Hydrocodone addiction can be life-threatening. Opioid addiction in general can be very difficult to combat on your own. Fortunately, there are addiction treatment facilities across the country that specialize in the treatment of hydrocodone dependency.
Many facilities also offer medical detox as a first step to hydrocodone addiction treatment. Medical detox is often a clinically supervised facility that helps clients to detox from drugs with life-threatening withdrawal symptoms like hydrocodone. These facilities have 24 hour clinical supervision along with medication-assisted detox to ensure safety and make clients as comfortable as possible as they complete their detox.
Following medical detox, it is recommended that clients transition to a residential inpatient rehab facility. During inpatient rehab, clients will be exposed to modalities and approaches that focus on both the physical dependency as well as the mental and emotional aspects of drug addiction. When clients are exposed to therapies that treat all components of addiction they are less likely to struggle with a relapse in the future.
There are many options for hydrocodone addiction treatment following inpatient rehab. From outpatient rehab to partial hospitalization programs to aftercare services, clients are able to choose a program that fits with their lifestyle and where they are in their journey to recovery.
Some outpatient programs are less intensive than partial hospitalization programs, allowing clients to get back to their normal lives while still receiving the support they need for their addiction. Other programs, like partial hospitalization, still allow clients to return home in the evenings but have group therapy sessions and other workshops during the day. These types of programs are generally more intensive than traditional outpatient rehab and are intended for clients that need extra support while returning to the cravings and temptations of their previous lives.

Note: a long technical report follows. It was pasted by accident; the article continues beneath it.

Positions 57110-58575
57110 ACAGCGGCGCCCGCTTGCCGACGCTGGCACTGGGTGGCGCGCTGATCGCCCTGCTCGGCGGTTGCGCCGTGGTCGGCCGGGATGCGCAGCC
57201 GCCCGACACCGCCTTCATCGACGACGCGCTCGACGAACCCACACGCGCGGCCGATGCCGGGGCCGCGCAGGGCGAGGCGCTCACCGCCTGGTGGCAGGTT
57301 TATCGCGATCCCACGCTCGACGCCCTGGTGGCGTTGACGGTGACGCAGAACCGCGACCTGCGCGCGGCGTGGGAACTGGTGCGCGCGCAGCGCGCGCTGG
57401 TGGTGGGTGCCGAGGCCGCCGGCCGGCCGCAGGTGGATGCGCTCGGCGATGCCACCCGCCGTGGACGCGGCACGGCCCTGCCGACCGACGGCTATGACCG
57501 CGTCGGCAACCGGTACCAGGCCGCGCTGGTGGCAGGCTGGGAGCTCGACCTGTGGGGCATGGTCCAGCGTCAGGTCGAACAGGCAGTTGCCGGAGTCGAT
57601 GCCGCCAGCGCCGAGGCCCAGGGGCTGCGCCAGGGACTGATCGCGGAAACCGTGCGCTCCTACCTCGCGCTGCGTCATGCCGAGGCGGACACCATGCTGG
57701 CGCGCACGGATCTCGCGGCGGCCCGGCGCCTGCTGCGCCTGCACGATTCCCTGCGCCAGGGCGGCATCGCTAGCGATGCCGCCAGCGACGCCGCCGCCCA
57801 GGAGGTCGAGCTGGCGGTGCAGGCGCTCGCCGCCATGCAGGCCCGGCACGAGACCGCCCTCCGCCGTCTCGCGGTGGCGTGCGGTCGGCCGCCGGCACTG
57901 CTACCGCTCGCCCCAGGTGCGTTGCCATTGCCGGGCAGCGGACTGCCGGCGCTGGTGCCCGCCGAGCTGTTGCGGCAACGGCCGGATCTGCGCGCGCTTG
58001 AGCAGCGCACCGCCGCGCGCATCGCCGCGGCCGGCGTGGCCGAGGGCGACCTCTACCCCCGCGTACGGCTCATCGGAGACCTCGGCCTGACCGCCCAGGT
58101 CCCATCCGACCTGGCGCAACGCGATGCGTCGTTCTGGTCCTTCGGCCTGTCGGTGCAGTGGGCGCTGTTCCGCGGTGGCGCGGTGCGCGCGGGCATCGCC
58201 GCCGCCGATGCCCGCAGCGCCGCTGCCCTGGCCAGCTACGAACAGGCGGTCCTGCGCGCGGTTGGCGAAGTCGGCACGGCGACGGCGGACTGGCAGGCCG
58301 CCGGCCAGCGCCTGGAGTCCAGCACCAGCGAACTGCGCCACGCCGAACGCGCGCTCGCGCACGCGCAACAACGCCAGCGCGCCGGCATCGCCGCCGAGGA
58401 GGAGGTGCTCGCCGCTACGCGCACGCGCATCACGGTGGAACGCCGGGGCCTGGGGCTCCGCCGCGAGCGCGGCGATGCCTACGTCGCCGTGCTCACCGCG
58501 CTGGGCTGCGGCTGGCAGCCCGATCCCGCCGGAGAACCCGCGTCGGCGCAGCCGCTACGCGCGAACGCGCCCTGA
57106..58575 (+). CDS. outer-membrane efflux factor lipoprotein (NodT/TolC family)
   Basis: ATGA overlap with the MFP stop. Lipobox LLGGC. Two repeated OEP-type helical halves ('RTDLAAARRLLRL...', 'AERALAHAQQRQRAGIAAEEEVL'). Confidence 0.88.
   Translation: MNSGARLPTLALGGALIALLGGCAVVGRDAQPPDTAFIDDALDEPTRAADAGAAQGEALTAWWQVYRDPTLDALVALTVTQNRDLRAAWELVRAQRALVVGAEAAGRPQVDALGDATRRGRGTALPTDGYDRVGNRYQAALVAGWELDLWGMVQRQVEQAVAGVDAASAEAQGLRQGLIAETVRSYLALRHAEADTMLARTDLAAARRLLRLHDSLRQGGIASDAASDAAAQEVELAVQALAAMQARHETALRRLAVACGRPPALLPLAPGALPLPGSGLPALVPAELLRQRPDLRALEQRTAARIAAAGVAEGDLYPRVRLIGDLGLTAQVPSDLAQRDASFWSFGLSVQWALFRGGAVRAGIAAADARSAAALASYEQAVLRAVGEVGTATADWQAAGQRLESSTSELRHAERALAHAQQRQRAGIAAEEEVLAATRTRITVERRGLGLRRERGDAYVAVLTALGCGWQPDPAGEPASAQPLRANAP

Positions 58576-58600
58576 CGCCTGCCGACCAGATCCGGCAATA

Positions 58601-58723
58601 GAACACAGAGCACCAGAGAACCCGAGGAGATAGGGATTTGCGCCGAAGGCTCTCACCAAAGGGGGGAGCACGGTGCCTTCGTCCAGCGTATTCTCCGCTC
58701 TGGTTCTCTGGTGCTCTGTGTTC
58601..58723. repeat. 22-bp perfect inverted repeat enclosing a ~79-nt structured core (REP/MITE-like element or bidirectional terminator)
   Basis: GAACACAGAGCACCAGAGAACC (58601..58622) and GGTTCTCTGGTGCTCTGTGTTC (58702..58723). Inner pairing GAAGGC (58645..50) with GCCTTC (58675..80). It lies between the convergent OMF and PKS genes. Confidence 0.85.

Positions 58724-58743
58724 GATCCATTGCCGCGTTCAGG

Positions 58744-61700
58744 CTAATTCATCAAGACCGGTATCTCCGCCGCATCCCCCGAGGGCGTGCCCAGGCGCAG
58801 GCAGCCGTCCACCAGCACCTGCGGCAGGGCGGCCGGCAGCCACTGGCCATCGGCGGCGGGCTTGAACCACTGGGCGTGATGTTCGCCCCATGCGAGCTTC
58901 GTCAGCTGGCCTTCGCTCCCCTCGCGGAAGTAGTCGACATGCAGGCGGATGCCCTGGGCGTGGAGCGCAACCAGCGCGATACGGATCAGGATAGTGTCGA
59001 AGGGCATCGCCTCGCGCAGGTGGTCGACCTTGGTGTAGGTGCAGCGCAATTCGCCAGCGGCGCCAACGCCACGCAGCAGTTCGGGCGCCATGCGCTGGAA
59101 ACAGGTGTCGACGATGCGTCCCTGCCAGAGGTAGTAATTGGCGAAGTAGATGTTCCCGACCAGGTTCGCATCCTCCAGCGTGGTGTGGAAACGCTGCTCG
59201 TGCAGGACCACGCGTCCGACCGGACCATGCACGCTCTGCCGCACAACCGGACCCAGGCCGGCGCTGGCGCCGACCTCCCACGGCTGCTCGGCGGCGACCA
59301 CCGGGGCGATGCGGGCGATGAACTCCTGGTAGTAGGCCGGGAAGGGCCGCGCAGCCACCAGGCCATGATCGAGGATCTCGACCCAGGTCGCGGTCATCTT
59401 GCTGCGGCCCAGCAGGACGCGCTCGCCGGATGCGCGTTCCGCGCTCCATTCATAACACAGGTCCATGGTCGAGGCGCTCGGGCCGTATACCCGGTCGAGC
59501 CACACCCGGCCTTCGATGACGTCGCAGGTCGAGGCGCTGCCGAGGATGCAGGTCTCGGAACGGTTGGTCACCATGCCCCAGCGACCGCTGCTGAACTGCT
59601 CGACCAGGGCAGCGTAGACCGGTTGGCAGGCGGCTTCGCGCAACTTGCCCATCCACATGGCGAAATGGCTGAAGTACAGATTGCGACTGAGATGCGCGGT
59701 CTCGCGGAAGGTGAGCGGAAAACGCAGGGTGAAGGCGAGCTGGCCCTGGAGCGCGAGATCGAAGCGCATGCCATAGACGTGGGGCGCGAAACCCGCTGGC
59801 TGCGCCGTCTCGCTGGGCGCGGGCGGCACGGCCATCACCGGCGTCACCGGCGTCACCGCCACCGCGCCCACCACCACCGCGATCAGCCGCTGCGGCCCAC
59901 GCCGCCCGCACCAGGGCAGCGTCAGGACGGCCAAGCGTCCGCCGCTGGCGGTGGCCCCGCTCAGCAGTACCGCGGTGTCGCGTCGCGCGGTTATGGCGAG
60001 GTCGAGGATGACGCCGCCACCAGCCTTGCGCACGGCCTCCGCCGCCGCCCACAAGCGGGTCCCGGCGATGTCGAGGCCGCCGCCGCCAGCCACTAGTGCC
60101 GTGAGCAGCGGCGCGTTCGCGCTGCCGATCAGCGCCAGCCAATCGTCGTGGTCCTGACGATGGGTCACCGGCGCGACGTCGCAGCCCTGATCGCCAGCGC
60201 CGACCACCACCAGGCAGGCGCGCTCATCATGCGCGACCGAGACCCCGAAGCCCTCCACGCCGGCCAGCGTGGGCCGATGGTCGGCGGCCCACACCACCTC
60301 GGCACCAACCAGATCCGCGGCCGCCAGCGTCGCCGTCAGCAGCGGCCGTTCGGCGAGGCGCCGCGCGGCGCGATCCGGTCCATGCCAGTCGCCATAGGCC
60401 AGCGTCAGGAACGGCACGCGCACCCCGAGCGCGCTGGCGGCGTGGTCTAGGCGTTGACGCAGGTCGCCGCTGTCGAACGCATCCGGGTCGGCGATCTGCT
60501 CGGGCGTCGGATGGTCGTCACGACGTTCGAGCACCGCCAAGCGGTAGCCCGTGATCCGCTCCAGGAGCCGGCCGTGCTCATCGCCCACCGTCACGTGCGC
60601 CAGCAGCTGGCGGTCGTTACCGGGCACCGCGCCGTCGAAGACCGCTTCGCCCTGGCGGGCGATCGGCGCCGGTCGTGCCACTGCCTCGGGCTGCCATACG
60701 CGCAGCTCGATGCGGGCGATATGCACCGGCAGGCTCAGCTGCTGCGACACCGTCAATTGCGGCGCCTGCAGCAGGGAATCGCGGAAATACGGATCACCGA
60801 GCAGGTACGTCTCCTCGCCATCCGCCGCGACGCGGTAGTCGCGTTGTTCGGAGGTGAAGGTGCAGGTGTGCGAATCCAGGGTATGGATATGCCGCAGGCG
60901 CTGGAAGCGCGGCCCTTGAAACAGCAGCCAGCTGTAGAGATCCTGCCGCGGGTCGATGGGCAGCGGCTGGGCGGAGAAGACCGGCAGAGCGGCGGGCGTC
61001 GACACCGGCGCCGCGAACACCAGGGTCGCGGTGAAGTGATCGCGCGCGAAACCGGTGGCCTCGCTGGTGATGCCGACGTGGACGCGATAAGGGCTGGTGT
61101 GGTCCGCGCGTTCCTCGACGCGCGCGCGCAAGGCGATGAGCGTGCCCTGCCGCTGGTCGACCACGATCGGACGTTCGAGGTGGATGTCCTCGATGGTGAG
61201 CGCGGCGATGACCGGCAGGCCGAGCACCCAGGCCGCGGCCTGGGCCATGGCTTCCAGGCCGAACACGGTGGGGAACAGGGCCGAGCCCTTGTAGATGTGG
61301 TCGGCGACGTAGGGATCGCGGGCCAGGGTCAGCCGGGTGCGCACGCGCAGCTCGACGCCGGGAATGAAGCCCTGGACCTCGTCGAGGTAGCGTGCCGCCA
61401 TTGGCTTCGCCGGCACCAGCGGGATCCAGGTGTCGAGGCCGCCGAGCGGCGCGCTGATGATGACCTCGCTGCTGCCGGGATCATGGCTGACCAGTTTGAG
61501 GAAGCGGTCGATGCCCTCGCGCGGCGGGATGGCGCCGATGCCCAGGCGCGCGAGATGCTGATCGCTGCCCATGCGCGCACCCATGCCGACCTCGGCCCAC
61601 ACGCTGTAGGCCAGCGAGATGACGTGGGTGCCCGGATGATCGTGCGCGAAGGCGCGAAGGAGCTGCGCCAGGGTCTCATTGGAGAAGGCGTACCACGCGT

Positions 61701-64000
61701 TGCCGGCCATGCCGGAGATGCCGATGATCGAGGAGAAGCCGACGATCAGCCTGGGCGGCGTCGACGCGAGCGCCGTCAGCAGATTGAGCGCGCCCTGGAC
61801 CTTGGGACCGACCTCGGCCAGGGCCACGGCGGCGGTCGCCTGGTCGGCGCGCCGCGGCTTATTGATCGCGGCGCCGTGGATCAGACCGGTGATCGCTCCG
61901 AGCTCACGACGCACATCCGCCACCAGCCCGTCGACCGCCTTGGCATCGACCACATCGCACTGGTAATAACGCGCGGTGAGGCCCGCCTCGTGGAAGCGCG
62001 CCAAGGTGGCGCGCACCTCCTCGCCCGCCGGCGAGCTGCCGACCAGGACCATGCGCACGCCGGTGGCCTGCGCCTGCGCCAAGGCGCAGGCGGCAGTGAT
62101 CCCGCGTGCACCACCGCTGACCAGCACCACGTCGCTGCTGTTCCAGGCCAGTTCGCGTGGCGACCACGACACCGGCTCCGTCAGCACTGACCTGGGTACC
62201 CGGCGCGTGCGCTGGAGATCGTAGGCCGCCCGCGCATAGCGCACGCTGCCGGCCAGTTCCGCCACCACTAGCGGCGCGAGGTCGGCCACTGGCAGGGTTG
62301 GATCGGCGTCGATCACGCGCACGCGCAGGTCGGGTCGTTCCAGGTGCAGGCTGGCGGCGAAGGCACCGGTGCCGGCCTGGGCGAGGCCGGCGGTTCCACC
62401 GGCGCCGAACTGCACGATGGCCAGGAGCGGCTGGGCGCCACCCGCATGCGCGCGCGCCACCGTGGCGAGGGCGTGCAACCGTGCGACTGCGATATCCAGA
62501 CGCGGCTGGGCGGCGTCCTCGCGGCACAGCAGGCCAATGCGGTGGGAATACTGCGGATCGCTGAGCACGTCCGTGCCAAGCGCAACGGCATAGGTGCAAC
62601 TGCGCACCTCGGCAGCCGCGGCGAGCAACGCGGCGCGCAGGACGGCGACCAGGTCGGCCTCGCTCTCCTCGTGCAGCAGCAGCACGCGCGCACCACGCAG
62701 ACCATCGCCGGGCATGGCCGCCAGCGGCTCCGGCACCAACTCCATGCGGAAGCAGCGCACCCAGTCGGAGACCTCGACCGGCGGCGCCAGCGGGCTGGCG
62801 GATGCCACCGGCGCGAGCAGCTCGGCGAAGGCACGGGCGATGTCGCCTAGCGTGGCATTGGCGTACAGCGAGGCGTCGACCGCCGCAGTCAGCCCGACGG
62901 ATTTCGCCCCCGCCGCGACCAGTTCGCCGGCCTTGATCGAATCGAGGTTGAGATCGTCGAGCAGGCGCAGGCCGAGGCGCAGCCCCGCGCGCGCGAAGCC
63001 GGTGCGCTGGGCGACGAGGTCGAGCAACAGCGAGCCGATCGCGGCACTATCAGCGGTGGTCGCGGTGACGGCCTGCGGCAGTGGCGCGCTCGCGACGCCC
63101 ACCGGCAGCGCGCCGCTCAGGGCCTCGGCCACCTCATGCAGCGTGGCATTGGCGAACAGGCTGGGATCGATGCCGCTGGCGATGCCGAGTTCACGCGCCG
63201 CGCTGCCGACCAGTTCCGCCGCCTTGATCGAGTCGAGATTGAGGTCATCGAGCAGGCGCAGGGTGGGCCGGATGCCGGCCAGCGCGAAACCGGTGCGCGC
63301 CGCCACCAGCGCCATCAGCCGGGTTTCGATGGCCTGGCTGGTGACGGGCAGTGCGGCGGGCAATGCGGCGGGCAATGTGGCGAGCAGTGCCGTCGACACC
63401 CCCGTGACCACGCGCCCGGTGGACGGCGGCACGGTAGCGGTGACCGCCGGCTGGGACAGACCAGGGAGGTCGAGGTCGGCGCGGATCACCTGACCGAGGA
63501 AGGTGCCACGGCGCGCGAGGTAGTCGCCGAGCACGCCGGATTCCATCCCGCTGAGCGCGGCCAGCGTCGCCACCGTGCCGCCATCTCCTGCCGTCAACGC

Treatment Options For Your Loved One
Do you believe your loved one could benefit from one of the programs described above? Or could you yourself benefit from a rehabilitation program? Our addiction treatment specialists are experts in the field of drug rehabilitation and they are standing by to answer any questions you may have on your loved one’s addiction or possible treatment options. We take each call in complete confidentiality and are available to talk any hour of the day. Get your loved one started on the path to recovery today, give us a call!
For More Information Related to “Hydrocodone Addiction and Treatment Options” Be Sure To Check Out These Additional Resources From DrugRehab.org:
- The Dangers Of Mixing Alcohol With Hydrocodone (Vicodin)
- Tylenol 4 (with Codeine) Withdrawal Symptoms
- The Dangers of Snorting Oxycontin (Oxycodone)
- The Dangers of Mixing Xanax and Oxycodone
- Signs and Symptoms of Fentanyl Abuse
Advocates for the Reform of Prescription Opioids –
National Institute on Drug Abuse –